General physical examination was within normal limits without any regional lymphadenopathy. The cutaneous examination revealed four lesions of variable sizes, one on anteromedial aspect of left knee, two just above and anterior to left ankle each on medial and lateral side, and one over medial side of the left ankle. The lesions were thickened, hyperkeratotic, verrucous plaques with depigmented center and violaceous edge. Hard, erythematous, exophytic-like growth of size 3 cm × 2 cm and 2 cm × 1 cm were noticed over anteromedial side above left ankle [Figure 1]. The growth was adherent to underlying structures and not movable with the overlying skin. Examination of the oral cavity, genital mucosa, nails, and hairs revealed no abnormality. There was no lesion of LP elsewhere on the body.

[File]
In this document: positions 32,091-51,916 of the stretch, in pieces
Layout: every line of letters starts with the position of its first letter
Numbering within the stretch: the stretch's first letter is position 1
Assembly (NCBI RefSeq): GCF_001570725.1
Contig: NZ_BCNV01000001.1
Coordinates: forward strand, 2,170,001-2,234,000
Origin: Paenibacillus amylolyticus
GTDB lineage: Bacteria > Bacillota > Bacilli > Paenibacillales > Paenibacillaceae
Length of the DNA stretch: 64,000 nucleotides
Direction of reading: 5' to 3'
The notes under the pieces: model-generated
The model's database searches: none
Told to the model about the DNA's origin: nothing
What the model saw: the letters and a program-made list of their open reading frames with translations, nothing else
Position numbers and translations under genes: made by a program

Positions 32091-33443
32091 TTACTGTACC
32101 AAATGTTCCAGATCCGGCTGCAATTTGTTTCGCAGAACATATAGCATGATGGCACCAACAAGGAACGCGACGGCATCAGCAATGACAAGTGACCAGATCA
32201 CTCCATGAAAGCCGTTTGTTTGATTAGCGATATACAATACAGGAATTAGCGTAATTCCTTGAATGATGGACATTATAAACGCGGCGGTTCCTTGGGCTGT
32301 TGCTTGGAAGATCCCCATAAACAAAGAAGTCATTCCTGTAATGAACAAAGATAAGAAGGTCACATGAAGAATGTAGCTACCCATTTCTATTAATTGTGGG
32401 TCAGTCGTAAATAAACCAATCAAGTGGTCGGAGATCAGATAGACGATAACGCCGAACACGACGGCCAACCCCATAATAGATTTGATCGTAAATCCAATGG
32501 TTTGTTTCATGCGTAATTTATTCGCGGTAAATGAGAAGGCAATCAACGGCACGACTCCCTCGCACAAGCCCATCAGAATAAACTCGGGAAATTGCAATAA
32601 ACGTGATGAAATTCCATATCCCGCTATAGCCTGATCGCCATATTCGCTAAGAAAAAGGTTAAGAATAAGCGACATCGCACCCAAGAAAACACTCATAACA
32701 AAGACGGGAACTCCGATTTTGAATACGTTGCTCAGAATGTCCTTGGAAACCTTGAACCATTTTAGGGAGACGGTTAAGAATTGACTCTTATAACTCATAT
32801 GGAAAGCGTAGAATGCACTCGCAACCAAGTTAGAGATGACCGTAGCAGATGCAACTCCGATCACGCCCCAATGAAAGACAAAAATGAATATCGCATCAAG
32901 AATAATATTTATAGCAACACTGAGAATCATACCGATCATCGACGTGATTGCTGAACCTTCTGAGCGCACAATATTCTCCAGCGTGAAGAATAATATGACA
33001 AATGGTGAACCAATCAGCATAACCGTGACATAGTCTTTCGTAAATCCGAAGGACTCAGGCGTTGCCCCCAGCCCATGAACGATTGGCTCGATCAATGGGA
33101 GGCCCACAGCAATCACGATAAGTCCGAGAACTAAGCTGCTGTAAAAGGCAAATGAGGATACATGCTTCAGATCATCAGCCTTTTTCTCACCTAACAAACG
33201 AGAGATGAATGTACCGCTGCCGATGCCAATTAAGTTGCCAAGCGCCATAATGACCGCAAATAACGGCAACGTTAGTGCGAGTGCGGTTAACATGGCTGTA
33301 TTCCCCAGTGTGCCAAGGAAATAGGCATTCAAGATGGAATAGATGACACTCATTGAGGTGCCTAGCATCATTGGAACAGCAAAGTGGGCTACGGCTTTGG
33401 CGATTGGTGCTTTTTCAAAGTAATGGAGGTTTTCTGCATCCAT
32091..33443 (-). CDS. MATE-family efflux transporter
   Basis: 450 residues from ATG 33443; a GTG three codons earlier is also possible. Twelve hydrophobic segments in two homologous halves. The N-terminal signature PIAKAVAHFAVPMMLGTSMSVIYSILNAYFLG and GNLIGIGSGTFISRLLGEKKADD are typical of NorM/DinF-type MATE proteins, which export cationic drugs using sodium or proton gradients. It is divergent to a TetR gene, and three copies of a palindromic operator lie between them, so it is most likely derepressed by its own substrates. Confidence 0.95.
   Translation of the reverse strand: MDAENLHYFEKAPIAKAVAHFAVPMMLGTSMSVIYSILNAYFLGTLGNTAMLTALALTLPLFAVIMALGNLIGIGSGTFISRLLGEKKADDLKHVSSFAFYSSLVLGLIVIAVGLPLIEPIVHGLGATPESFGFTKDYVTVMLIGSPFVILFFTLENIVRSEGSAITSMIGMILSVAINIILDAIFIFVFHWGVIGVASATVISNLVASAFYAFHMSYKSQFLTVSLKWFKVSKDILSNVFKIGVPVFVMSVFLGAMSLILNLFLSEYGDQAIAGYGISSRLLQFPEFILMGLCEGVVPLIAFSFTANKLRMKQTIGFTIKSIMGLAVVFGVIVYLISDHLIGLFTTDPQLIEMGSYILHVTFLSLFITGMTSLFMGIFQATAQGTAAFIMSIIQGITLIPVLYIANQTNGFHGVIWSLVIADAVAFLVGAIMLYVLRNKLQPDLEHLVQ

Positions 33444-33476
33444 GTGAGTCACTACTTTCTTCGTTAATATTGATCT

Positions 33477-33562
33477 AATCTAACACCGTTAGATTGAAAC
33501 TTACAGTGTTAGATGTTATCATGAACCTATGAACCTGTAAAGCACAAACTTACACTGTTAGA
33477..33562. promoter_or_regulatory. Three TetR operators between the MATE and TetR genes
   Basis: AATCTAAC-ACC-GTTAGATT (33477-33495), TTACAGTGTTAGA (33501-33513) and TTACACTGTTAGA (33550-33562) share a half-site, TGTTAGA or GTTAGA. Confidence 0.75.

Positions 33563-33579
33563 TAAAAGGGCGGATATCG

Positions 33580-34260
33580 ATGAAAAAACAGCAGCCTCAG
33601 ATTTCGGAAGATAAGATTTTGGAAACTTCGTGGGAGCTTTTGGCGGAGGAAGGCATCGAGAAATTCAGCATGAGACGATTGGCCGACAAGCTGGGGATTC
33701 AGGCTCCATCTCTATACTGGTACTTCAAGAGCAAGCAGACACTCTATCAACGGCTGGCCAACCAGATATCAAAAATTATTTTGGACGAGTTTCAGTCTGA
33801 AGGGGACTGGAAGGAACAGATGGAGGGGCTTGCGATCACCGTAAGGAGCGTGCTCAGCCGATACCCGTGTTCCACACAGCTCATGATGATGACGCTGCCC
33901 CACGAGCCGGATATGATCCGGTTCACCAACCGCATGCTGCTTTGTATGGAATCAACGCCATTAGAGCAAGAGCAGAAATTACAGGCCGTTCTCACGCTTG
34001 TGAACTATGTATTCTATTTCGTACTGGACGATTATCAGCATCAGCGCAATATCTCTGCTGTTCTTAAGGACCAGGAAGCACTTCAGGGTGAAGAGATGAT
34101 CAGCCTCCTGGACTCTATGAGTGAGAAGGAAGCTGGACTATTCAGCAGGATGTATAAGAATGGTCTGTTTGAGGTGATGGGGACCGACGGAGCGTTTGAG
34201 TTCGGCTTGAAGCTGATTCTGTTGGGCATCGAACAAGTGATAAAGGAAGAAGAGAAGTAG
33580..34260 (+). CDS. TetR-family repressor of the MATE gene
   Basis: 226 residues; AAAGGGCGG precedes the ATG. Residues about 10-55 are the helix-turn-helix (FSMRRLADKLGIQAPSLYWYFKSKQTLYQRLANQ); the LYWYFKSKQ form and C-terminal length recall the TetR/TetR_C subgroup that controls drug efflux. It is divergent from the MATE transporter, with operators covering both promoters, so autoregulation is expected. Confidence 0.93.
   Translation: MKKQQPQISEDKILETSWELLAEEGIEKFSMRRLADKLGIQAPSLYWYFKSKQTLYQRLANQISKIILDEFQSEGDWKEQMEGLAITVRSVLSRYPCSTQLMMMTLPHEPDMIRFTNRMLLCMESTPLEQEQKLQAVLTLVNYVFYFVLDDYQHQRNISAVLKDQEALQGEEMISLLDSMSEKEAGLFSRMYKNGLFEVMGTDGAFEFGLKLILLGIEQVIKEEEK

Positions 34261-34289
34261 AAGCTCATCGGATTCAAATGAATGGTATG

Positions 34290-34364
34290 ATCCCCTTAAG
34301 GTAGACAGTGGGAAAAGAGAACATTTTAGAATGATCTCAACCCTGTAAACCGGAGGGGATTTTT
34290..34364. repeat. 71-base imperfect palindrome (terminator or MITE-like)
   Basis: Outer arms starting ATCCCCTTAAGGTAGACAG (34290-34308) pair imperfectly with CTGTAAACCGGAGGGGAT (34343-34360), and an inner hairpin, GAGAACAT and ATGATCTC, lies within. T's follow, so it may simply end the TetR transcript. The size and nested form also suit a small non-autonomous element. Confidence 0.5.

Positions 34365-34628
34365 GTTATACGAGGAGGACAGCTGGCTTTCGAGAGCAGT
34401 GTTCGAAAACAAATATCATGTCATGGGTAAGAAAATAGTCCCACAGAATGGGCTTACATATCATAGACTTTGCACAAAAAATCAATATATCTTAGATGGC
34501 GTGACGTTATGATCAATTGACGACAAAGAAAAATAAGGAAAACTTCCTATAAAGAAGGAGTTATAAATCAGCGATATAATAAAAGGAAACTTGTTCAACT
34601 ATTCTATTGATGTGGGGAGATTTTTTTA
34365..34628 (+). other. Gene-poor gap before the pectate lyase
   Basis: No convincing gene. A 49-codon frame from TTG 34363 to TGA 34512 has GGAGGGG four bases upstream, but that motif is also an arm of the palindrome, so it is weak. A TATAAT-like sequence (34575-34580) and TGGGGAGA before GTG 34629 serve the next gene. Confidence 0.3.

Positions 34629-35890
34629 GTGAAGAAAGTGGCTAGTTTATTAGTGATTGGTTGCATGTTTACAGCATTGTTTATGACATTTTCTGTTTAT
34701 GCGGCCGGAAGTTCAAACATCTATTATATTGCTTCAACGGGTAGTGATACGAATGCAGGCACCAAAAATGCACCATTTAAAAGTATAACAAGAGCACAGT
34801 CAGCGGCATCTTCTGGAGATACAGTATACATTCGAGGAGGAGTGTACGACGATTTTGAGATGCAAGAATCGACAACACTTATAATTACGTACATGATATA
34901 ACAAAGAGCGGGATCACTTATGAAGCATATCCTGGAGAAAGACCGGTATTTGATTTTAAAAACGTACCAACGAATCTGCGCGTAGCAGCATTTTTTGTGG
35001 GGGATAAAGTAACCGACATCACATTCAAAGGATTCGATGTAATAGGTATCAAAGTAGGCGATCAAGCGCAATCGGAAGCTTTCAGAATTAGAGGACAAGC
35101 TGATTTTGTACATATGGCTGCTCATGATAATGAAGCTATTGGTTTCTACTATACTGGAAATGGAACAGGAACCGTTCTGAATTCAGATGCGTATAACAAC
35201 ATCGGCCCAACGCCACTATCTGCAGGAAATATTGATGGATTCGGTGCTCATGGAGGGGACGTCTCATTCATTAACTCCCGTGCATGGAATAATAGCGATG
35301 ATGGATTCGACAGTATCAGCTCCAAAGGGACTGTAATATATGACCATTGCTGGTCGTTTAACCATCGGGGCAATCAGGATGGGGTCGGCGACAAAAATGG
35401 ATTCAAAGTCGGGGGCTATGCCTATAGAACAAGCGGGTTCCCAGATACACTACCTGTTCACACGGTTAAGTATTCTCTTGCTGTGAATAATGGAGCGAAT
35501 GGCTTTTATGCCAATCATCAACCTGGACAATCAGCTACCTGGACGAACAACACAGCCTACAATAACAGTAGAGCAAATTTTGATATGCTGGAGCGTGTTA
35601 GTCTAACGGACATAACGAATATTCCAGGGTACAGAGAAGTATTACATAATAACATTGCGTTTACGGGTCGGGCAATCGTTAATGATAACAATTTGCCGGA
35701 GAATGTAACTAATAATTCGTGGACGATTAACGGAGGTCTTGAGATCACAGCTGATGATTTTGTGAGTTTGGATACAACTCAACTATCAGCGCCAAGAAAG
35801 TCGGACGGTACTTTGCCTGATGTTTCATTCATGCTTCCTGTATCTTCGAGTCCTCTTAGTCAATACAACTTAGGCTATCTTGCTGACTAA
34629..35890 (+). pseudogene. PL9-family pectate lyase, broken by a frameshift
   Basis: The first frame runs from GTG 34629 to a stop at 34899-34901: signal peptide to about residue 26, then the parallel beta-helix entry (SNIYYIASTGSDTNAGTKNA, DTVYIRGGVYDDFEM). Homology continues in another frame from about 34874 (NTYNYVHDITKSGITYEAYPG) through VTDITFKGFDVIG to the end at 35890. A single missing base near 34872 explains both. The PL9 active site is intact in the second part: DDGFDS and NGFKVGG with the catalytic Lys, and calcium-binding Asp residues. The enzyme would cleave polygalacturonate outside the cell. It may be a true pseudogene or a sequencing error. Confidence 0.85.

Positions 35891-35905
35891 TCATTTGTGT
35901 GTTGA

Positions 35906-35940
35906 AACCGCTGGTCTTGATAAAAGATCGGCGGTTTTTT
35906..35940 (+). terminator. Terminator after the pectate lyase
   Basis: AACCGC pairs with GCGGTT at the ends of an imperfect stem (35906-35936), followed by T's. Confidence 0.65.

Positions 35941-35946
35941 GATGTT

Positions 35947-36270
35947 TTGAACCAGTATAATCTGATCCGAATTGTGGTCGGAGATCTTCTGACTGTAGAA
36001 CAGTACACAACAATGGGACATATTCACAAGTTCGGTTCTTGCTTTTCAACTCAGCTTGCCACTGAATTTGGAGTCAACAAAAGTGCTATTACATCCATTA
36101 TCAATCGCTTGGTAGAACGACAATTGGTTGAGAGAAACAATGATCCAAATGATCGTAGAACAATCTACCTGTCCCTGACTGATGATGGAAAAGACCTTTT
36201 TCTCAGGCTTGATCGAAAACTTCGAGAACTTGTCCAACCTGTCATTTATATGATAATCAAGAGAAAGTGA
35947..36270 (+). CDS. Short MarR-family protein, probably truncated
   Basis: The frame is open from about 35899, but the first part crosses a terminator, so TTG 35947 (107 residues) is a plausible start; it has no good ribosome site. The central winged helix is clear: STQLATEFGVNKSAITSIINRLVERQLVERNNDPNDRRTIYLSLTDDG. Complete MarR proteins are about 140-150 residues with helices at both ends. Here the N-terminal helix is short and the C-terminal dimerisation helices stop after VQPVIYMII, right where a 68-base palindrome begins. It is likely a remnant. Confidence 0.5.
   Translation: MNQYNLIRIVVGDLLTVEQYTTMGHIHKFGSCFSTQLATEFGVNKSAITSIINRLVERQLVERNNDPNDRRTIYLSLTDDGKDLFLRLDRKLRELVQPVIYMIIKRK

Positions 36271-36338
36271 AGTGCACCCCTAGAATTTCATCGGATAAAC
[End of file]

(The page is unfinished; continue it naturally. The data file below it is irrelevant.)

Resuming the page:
Figure 1: Clinical photograph showing exophytic like growth over anteromedial side above left ankle

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The exophytic lesion was completely excised and the defect was closed with rotation flap. Whole excised mass was sent for histopathological examination.

The slides showed:

  • Irregular epidermal hyperplasia with hyperplastic appendages, wedge-shaped hypergranulosis, occasional colloid bodies at dermoepidermal junction, and moderately dense lymphocytic infiltrate in perivascular areas and around appendages. These findings were typical of LPH
  • Proliferation of anastomosing nests, sheets, and strands of atypical keratinocytes originating in the epidermis and infiltrating into the dermis, dyskeratotic cells, parakeratosis are all observed confirming SCC [Figure 2].

A routine hemogram, liver and renal function tests, chest X-ray, and ultrasonographic study of the abdomen revealed no abnormality.